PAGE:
If you can’t seem to regain access to one of your hacked accounts, contact the company which you made the account with. They may be able to assist you in getting your account back, but if not, you’ll likely need to create a new one.
How Do I Know if I’ve Been Hacked?
Here are some telltale signs that you’ve been hacked.
Receiving password reset emails or 2FA codes you didn’t request: When someone is attempting to hack into your account, you’ll start receiving password reset emails and 2FA codes that you didn’t request. It’s important that when you receive these notifications, you take action to secure your account right away.
Not being able to log in to your accounts: If you’re unable to log in to your account and know that you’re entering the correct credentials, it’s likely that someone has hacked into your account and changed your password.
Unusual transactions on your credit card or bank statements: Another sign of being hacked is seeing transactions you didn’t make on your credit card and bank statements. You must let your bank or credit card issuer know right away so they can cancel your card and prevent the threat actor from making any more purchases.
Your contacts are saying you’ve sent them strange messages: If you start receiving messages from your contacts saying that you’ve sent them strange messages, one or more of your accounts has likely been hacked. If this is the case, ask your contact where they received a message so you know which account of yours is hacked.
Your device’s camera indicator light is on: When a cybercriminal hacks your device, they often install spyware on it so they can see your device’s screen and gain access to your camera and microphone. Spyware is often disguised as a legitimate-looking app or software. If you notice that your device’s camera indicator light is on when you’re not using the camera, it’s very likely that your device is hacked and has spyware installed on it.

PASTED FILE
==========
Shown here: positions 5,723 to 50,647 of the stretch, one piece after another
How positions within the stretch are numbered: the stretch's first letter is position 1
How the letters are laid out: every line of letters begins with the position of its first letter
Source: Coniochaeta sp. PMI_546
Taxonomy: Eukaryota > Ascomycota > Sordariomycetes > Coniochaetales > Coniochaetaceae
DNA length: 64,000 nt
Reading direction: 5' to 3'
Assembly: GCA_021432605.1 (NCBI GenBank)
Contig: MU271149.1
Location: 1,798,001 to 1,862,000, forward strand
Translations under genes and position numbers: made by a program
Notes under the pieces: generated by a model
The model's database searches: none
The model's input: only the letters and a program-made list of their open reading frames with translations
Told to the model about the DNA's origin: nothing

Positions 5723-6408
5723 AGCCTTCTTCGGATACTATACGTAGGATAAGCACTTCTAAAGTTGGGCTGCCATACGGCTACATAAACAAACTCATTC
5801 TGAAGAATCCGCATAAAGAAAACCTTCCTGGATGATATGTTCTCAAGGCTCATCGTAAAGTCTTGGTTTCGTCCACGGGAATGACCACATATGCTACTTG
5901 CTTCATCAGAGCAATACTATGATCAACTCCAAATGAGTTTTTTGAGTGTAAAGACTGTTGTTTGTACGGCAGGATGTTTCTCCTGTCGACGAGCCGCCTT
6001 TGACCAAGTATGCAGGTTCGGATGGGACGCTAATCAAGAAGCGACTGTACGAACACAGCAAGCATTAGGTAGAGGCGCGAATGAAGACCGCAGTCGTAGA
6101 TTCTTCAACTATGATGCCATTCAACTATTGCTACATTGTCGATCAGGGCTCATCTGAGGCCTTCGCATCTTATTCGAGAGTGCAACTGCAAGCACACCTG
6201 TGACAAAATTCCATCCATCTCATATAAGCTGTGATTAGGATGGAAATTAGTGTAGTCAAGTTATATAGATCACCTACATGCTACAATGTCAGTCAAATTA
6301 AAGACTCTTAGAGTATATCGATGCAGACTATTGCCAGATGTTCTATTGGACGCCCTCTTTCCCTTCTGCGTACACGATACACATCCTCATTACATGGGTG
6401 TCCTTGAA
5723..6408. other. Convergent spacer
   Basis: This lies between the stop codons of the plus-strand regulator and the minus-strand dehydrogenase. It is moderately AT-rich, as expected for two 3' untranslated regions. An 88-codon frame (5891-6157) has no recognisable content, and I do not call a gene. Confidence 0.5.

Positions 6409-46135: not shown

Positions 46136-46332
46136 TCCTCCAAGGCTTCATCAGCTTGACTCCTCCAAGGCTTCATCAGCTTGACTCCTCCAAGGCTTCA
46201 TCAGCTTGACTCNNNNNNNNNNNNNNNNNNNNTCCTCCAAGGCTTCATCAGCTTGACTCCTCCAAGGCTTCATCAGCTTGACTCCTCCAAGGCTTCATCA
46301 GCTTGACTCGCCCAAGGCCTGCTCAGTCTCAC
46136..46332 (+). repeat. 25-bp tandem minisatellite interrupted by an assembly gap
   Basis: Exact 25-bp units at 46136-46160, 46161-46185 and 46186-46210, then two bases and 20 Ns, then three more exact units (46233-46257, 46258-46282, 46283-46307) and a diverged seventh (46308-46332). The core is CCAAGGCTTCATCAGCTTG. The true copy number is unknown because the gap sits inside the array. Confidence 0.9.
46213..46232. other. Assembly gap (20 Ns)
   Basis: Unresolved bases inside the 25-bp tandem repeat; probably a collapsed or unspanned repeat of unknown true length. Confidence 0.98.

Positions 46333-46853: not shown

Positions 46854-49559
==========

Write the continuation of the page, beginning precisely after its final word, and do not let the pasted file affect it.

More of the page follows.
Slow device or network connection: When devices are hacked, the malware or virus on the device can cause it to run slower than usual because it’s running in the background. Apart from your device running slower, you may also notice that it’s hot and the battery is draining faster than normal.
Protect Yourself and Your Data From Malicious Hackers
Having your devices and online accounts hacked can cause a lot of damage that is difficult to recover from, especially if it leads to your identity being stolen. You must protect your devices and accounts from being hacked by following cybersecurity best practices such as the following:
- Use a password manager to create and store your passwords
- Enable MFA on all of your online accounts
- Only download apps and software from trusted sources
- Don’t click unsolicited links and attachments
- Keep your SIM card locked at all times
The better your cyber hygiene is, the less likely you are to be hacked. Improve your cyber hygiene today by starting a free 30-day trial of Keeper Password Manager so you can begin securing your online accounts.